Would Stephen Versalko, if he'd managed to keep his $18 million ponzi scheme undetected, have made it into "new era of professionalism for financial advisers" as heralded by the Financial Markets Authority (FMA)?
My guess is yes.
As the mainly excellent TV3 documentary illustrated last week, Versalko did a good impersonation of plausible.
He no doubt could've also impersonated an authorised financial adviser (AFA) if the circumstances demanded.
There's nothing to suggest that under the new regulatory regime that ASB, Versalko's employer, would've automatically picked up on his fraud.
As one of the investigators in the TV3 doco said, the Versalko case was more about a faulty employer/employee relationship than a breach of client/adviser trust (which, of course, it also was).
It was the failure of ASB to exercise control over its employee that created the opportunity Versalko exploited so diligently.
Disgracefully, ASB failed to front up on the documentary to explain how Versalko got away with it for so long and how that particular loophole has now been closed.
As a qualifying financial entity (QFE), ASB is now more explicitly responsible for the behaviour of its advisers and must have documented procedures in place to show how it manages Versalko-like risks (amongst others).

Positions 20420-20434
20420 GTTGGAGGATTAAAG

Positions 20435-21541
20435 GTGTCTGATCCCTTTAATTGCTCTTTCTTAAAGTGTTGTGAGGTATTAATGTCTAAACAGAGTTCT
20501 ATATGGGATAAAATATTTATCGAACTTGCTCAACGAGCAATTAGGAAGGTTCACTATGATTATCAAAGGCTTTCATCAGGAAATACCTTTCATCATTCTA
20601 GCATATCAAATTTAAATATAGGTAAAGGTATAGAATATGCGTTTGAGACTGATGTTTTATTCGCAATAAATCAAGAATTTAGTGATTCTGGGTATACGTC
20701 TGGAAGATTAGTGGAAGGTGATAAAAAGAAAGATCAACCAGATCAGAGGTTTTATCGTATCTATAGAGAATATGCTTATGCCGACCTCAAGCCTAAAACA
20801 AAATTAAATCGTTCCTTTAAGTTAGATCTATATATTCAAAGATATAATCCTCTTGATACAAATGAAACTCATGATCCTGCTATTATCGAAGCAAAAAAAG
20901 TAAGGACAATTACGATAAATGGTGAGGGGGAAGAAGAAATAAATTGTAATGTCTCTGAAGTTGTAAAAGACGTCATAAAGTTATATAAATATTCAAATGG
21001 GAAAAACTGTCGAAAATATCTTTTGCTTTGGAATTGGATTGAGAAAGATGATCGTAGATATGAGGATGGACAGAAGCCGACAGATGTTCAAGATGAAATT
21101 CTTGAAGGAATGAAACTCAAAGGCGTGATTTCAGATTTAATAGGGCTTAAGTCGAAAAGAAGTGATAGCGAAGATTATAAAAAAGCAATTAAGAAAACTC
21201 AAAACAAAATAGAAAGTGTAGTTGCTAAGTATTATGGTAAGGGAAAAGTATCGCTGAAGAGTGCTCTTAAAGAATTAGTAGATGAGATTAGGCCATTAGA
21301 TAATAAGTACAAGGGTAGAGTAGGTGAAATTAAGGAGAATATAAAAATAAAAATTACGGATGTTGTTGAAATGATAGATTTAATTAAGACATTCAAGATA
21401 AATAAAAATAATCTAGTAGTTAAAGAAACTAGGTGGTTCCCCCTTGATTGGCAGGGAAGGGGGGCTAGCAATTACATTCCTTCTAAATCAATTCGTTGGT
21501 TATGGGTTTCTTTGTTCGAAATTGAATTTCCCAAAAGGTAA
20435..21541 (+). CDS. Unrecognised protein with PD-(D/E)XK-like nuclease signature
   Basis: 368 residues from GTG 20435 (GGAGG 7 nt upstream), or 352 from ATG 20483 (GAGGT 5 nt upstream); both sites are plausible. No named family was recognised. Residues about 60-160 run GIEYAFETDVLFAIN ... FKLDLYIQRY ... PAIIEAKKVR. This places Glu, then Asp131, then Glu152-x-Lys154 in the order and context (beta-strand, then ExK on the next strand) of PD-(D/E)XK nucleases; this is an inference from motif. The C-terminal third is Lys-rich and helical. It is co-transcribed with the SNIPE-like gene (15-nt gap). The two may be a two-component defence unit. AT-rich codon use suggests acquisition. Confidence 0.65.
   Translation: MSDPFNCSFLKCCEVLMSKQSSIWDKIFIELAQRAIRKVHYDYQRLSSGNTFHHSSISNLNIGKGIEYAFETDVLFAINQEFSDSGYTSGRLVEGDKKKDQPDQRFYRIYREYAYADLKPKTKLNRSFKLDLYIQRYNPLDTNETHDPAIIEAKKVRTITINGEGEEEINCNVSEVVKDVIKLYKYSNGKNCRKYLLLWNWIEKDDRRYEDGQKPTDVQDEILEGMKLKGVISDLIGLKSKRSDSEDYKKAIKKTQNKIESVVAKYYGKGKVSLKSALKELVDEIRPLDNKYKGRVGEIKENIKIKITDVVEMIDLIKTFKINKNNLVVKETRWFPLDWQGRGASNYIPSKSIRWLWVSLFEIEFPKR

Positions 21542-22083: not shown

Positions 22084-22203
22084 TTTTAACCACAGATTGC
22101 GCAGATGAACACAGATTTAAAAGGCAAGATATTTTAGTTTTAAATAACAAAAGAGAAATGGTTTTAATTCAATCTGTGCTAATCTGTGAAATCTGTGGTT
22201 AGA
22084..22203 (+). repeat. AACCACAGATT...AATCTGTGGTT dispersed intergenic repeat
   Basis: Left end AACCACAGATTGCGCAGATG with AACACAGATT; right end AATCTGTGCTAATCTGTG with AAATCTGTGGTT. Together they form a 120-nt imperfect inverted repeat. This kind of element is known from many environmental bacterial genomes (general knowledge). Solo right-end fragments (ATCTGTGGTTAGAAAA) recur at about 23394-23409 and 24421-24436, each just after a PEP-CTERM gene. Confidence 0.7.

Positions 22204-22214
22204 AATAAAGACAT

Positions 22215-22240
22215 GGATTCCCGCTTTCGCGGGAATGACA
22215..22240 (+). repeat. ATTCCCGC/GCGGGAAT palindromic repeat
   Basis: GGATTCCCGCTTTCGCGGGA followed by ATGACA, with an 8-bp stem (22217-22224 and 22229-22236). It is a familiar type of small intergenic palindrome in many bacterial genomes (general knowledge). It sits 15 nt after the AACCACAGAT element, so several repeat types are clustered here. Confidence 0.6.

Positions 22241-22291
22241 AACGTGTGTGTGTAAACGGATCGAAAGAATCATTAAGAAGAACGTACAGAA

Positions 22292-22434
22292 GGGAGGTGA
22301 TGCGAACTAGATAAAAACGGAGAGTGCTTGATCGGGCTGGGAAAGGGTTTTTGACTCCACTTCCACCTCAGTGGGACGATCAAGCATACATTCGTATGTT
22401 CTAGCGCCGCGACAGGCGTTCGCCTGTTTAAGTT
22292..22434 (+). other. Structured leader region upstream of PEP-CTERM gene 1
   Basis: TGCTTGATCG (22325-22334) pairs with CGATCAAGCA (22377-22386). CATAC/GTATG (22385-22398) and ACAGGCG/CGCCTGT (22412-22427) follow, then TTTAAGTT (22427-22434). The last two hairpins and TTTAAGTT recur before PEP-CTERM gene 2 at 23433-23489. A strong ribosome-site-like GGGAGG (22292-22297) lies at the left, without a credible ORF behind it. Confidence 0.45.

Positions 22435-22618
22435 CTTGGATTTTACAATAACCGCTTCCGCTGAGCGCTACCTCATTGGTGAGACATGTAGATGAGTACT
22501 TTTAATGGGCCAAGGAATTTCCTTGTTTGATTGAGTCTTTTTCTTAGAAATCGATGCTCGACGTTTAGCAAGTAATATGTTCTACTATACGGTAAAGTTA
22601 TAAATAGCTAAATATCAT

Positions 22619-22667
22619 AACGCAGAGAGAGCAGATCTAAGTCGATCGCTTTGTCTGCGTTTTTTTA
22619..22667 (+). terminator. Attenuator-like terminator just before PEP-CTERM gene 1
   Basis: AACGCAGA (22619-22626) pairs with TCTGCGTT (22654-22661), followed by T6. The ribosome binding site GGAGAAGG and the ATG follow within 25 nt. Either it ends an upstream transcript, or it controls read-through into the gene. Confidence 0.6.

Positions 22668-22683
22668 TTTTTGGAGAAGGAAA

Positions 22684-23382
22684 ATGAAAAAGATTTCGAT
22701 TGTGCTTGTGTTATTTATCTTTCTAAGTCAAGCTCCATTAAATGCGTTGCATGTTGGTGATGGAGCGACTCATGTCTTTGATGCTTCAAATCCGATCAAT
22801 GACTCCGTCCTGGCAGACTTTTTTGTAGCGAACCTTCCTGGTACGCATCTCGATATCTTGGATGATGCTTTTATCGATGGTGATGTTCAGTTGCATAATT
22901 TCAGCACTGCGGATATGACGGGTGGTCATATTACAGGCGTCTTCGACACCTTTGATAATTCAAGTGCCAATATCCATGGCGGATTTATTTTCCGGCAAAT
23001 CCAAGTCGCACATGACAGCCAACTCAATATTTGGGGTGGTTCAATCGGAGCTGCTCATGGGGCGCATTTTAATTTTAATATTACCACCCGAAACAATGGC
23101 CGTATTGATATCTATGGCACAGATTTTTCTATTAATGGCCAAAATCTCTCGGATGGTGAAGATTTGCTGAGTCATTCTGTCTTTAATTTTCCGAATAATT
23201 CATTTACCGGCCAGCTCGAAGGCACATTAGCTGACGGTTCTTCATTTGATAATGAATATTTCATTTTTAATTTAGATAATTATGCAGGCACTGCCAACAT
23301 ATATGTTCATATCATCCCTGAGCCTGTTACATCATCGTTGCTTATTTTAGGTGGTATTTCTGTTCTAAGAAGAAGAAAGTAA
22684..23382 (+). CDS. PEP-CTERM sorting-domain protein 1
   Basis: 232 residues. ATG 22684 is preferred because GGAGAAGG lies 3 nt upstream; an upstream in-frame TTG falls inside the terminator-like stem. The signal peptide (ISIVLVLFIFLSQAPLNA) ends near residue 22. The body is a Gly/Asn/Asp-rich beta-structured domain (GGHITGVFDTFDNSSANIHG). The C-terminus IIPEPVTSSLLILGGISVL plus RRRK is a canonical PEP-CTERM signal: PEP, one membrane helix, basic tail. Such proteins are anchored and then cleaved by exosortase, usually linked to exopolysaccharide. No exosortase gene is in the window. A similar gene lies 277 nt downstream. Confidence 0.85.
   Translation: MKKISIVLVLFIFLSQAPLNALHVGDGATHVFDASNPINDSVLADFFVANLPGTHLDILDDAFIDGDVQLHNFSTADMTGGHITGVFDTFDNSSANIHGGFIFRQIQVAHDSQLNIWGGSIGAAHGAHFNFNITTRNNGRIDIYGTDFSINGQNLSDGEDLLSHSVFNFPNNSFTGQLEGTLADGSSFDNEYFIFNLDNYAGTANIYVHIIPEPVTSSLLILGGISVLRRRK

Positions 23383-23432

However, the bank doesn't have to disclose those details, contained in a so-called Adviser Business Statement (ABS), to the public but simply lodges the document with the FMA.
To its credit, the ASB paid out Versalko's fraudees in full (including his invented interest rates) but has kept its statements on the matter brief and vague.
The TV3 documentary fills in some of the blanks.
Other questions remain unanswered. For instance, was the "$791,181 prostitute who Versalko later accused of blackmailing him" a professional gold-digger or merely a hooker with a centre of excellence?